• English Course Descriptions

     


    9th Grade Literature and Composition

    This course focuses on a study of literary genres and informational texts.  Students develop initial understanding of both the structure and the meaning of a literary work and explore the effect of the literary form in regards to interpretation. Students will also read across the curriculum to develop academic and personal interests in different subjects. In conjunction with reading skills, students will demonstrate competency in a variety of writing genres: argumentative, informational/expository, and narrative. They will also engage in research, timed writings, and the writing process. Instruction in language conventions will occur within the context of reading, writing, and speaking, rather than in isolation. Students will also demonstrate an understanding of speaking and listening for a variety of purposes.
     
    *The state mandated Georgia Milestones End of Course Assessment is required and counts 20% of the student’s overall course grade.
    9th Grade Literature and Composition (Honors)
    This course focuses on a study of literary genres and informational texts.  Students develop initial understanding of both the structure and the meaning of a literary work and explore the effect of the literary form in regards to interpretation. Students will also read across the curriculum to develop academic and personal interests in different subjects. In conjunction with reading skills, students will demonstrate competency in a variety of writing genres: argumentative, informational/expository, and narrative. They will also engage in research, timed writings, and the writing process. Instruction in language conventions will occur within the context of reading, writing, and speaking, rather than in isolation. Students will also demonstrate an understanding of speaking and listening for a variety of purposes. Other topics and skills specific to preparing students for the rigors of an Advanced Placement (AP) course will be integrated throughout the course.
     
    *The state mandated Georgia Milestones End of Course Assessment is required and counts 20% of the student’s overall course grade.
    10th Grade Literature and Composition
    This course builds upon the 9th Grade Literature and Composition course through a continued focus on a study of literary genres and informational texts. Students will develop an understanding that theme is what relates literature to life and that themes are recurring in the literary world, and students will explore the effect of themes in regard to interpretation. Students will also read across the curriculum to develop academic and personal interests in different subjects. While the focus of composition studies is writing argument in tenth grade literature, students will also demonstrate competency in informative/expository and narrative writing genres. They will also engage in research, timed writings, and the writing process. Instruction in language conventions will occur within the context of reading, writing, and speaking, rather than in isolation. Students will also demonstrate an understanding of speaking and listening for a variety of purposes. 
    10th Grade Literature and Composition (Honors)
    This course builds upon the 9th Grade Literature and Composition course through a continued focus on a study of literary genres and informational texts. Students will develop an understanding that theme is what relates literature to life and that themes are recurring in the literary world, and students will explore the effect of themes in regard to interpretation. Students will also read across the curriculum to develop academic and personal interests in different subjects. While the focus of composition studies is writing argument in tenth grade literature, students will also demonstrate competency in informative/expository and narrative writing genres. They will also engage in research, timed writings, and the writing process. Instruction in language conventions will occur within the context of reading, writing, and speaking, rather than in isolation. Students will also demonstrate an understanding of speaking and listening for a variety of purposes.  Other topics and skills specific to preparing students for the rigors of an Advanced Placement (AP) course will be integrated throughout the course.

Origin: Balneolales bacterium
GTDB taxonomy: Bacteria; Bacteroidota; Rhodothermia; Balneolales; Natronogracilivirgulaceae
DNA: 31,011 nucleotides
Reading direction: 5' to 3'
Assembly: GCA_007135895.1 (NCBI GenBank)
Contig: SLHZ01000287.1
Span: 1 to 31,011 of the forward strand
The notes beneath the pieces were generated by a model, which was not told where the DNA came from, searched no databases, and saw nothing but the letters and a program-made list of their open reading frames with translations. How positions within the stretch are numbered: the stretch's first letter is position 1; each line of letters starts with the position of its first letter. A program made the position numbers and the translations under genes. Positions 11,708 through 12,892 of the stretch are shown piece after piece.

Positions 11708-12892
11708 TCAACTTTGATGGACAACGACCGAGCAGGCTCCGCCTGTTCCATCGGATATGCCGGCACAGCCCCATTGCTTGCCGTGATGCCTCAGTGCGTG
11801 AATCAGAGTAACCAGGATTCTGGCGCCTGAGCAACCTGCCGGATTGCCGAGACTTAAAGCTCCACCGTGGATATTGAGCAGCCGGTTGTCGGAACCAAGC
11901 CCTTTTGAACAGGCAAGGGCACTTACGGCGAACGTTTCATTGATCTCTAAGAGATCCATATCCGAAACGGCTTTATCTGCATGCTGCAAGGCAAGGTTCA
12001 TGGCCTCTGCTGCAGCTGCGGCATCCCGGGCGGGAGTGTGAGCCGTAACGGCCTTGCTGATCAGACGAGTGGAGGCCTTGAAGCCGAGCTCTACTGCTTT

American Literature and Composition
    This course is a survey of American Literature from the Colonial Period to the Modern Era.  It builds upon the 10th Grade Literature and Composition course through a focus on the acquisition of higher level reading, writing, speaking, listening, and language skills. This course focuses on the study of American literature and informational texts, writing modes and genres, and essential conventions for reading, writing, and speaking. Students will read a variety of informational and literary texts in all genres and modes of discourse. In addition, students will read across the curriculum to develop their academic and personal interests in different subjects. While expository writing is the focus in American literature, students will also demonstrate competency in argumentative and narrative genres. They will also engage in research, timed writing, and the writing process. Instruction in language conventions will occur within the context of reading, writing, and speaking. Students will also demonstrate an understanding of speaking and listening for a variety of purposes. 
     
    *The state mandated Georgia Milestones End of Course Assessment is required and counts 20% of the student’s overall course grade.
    AP English Language and Composition is an introductory college-level composition course. Students cultivate their understanding of writing and rhetorical arguments through reading, analyzing, and writing texts as they explore topics like rhetorical situation, claims and evidence, reasoning and organization, and style.
     
    *The state mandated Georgia Milestones End of Course Assessment is required and counts 20% of the student’s overall course grade.
    AP Seminar is a foundational course that engages students in cross-curricular conversations that explore the complexities of academic and real-world topics and issues by analyzing divergent perspectives. Students learn to investigate a problem or issue, analyze arguments, compare different perspectives, synthesize information from multiple sources, and work alone and in a group to communicate their ideas.

    Advanced Composition